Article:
But is the world “hopelessly” corrupt?  I do not believe so.  We have in the Christian world just celebrated the greatest victory over corruption, tyranny, unjustness and indeed DEATH that history has ever witnessed: the Resurrection of Jesus the Messiah!   So while criminal activity cannot be tolerated, this is not the ultimate battle.   Terrorism is a set of ideas.  We are ultimately and over the long term in a struggle of ideas and God has revealed the Truth!!!  For all of us who regret the death of anyone, and for all of us who want justice for all, recent events should be a searing reminder of the urgency of the task of calling all to be disciples of Jesus, the Risen One.

I am often asked, “Who will win this struggle?”  I know who will over the long term, as I do read the Bible.  But in the short term, I fear it will go to those who are most committed.  Will that be us?  What will be the response of those who follow Jesus?

I am recommitting myself to pray for my enemies.  I am also strengthening my commitment to love my others in a way that will reach their hearts with the love of God in Jesus Christ.  As you pray for me, I invite you to join me in these commitments.

Yours in the name of the Living One,

Walt White”

http://www.waltworldwide.org/


A Rare Find

It is rare to find a book that grabs my heart, mind and soul. I usually read non-fiction with occasional brief forays into fiction. Most I find mediocre – predictable plots, paper thin characters with sit-com dialogue. Many I do not find worth purchasing – a reason to be thankful for the local library! Michael D. O’Brien’s “Island of the World” is a wonderful exception. Over 800 pages chronicle the life of Josip Lasta a Croatian mathematician, poet, political prisoner and refugee in the years before, during and after WWII and the Yugoslav Communist era. It is unusual to read a novel where the character actually wrestles with serious moral struggles and choices or describes with vividness the experience of grace or the forgiveness of one’s enemies but the author does it without being simplistic or preachy. O’Brien is a writer and painter who has also written novels such as “Father Elijah” and the “Children of the Last Days” series. His faith as a Roman Catholic is clearly evident in all his work and while his Christian faith is foundational it is not obnoxious nor propagandist as so often religious writing can be with simple black / white moral dilemmas or 2 dimensional characters popular at CBD.

In the late 70’s writer and teacher John Gardner caused quite a stir in academia when he published “On Moral Fiction”, 2 essays which attacked head on the cynicism and nihilism of modern art as promoted in the studio and academy: “True art is by its nature moral. We recognize true art by its careful, thoroughly honest search for and analysis of values… True art, by specific technical means now commonly forgotten, clarifies life, establishes models of human action, cast nets toward the future, carefully judges our right and wrong directions, celebrates and mourns. It does not rant. It does not sneer or giggle in the face of death, it invents prayers and weapons. It designs visions worth trying to make fact.”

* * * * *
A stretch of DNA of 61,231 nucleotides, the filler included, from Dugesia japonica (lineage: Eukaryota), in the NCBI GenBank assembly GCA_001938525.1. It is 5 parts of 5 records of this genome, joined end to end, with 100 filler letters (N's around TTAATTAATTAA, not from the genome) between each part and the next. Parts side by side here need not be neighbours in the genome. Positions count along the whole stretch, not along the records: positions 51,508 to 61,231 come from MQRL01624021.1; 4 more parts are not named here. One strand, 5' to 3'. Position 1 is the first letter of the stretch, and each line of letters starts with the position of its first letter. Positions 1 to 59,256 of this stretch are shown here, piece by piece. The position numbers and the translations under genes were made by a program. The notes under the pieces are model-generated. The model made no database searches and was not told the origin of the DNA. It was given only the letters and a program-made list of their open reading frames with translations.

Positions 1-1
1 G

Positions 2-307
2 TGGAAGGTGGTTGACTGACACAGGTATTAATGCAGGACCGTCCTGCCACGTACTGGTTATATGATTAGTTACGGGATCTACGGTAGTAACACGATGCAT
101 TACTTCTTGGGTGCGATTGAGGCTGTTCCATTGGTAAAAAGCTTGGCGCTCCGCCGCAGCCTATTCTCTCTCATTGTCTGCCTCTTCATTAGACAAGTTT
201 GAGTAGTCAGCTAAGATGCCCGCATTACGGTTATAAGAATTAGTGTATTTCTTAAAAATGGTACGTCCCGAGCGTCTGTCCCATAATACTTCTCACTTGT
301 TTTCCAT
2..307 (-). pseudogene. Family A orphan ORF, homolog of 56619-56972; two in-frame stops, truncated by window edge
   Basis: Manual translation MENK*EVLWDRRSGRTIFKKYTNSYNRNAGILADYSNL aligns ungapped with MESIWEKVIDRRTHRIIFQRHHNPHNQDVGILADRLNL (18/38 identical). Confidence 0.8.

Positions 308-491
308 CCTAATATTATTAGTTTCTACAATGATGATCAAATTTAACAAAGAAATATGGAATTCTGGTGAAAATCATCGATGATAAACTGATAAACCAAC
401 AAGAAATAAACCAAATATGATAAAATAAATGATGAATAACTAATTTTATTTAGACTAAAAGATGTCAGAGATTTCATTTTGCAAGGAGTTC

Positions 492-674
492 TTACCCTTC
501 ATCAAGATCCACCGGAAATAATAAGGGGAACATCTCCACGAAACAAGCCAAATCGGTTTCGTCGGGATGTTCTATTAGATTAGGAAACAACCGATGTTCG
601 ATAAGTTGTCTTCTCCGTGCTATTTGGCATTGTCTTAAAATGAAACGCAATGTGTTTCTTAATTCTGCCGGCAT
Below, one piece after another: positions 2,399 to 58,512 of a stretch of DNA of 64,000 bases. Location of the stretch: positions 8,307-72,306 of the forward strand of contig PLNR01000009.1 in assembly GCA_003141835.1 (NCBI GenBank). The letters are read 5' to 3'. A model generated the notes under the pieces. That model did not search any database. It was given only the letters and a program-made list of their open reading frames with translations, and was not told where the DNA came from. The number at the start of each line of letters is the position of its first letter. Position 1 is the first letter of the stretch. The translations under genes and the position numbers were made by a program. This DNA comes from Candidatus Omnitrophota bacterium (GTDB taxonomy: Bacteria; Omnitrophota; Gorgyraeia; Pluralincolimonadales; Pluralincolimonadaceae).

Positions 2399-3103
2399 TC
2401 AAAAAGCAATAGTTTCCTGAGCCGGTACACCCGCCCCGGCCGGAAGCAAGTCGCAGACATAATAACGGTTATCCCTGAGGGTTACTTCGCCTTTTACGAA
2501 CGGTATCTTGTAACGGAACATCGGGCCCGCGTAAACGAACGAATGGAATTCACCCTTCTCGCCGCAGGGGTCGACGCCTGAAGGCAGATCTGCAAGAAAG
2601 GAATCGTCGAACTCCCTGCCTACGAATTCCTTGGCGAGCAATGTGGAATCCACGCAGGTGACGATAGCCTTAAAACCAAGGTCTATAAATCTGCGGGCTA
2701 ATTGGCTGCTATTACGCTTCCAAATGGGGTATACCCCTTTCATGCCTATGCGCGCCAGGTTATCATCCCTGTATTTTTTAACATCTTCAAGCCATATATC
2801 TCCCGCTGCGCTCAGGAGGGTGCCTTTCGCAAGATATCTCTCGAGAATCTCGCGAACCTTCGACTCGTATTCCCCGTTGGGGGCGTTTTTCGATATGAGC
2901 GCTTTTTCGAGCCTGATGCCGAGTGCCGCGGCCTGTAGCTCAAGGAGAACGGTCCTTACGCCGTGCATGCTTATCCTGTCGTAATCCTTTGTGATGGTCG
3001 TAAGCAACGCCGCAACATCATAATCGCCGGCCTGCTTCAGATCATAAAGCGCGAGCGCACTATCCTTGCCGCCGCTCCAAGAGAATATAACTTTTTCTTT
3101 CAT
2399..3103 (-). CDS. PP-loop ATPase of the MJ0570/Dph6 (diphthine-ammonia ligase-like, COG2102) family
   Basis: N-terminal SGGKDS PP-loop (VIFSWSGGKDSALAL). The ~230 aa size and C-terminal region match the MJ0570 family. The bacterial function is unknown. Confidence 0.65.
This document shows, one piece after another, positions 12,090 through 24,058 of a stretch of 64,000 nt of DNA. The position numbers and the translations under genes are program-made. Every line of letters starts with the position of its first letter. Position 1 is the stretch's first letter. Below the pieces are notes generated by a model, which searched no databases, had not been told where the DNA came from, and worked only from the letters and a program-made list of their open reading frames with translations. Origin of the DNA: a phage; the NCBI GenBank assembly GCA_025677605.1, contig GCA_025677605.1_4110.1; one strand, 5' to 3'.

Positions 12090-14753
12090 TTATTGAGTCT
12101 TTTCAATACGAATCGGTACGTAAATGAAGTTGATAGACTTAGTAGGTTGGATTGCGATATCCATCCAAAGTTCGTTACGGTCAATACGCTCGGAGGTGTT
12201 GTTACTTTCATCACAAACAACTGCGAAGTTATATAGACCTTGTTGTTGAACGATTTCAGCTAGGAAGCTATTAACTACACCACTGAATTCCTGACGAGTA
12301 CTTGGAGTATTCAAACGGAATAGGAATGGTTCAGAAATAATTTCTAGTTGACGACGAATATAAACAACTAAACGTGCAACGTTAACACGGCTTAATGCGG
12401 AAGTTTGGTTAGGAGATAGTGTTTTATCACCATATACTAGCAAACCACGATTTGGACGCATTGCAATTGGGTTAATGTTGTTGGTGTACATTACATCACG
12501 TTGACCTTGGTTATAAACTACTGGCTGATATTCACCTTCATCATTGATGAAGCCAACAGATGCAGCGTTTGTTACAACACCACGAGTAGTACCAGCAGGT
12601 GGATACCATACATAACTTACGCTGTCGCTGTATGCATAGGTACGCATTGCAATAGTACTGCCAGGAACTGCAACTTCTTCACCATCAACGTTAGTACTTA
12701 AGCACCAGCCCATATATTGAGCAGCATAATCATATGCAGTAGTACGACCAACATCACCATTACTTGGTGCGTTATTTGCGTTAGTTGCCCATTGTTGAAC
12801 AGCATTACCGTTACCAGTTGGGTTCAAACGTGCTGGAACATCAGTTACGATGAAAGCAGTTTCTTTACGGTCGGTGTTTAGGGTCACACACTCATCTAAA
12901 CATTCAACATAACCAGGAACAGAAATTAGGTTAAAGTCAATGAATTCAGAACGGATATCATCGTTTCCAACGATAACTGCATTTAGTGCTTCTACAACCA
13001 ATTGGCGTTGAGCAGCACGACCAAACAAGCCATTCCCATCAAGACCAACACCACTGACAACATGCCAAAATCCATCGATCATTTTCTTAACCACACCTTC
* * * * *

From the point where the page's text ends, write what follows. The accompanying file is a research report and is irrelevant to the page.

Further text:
With the likes of Lady Gaga today, such ideas may seem quaint but O’Brien’s writing is an example of what moral fiction might look like. While that idea alone may be enough to turn off many a reader the term does not mean comic book quality or bumper sticker sloganeering. Joseph endures much hardship, loss and grief but God’s providential care and surprises are on display throughout his journey from a small Croatian mountain town, to university, to a death camp, to the U.S. and then full-circle to his homeland. Along the way he comes to term with his faith, his loss, his sinful nature, and his enemies.

It is not a perfect book – some of the chapters and scenes are too drawn out, others too brief. The biggest shortcoming and one sour note of the novel is the exclusive focus by the end of the book on Catholic Croat suffering in the period and the neglect of other victims of atrocities at the same time – since Josip is portrayed as a reconciler it would have carried more weight for the writer to have mentioned or to have described if only briefly the role of the Catholic hierarchy and Franciscan monks such as Miroslav Filipovic that were also involved in genocide during WWII. Reconciliation also involves repentance and it would have been far more effective and realistic to see Josip come to terms with this history as well and treat “the other” of Serbian orthodoxy with a human face and an olive branch.

Despite this, “The Island of the World” is still outstanding. It is unusual fiction that describes how one man reconciles his personal history without succumbing to despair or revenge and how God’s reconciling grace in Christ causes us to come full circle and regain what has been lost.


Faith on the Hill

From Pew Resaerch:

“Many analysts described the November 2010 midterm elections as a sea change, with Republicans taking control of the U.S. House of Representatives and narrowing the Democratic majority in the Senate. But this political overhaul appears to have had little effect on the religious composition of Congress, which is similar to the religious makeup of the previous Congress and of the nation, according to an analysis by the Pew Research Center’s Forum on Religion & Public Life.

The 112th Congress, like the U.S. public, is majority Protestant and about a quarter Catholic. Baptists and Methodists are the largest Protestant denominations in the new Congress, just as they are in the country as a whole.

 

A few of the country’s smaller religious groups, including Episcopalians, Presbyterians and Jews, have greater numerical representation in Congress than in the general population. Some others, including Buddhists and Muslims, are represented in Congress in roughly equal proportion to their numbers in the adult U.S. population. And some small religious groups, such as Hindus and Jehovah’s Witnesses, are not represented at all in Congress.

Perhaps the greatest disparity between the religious makeup of Congress and the people it represents, however, is in the percentage of the unaffiliated – those who describe their religion as atheist, agnostic or ‘nothing in particular.”

Baptists remain the largest segment of Protestants. You can read the whole report  here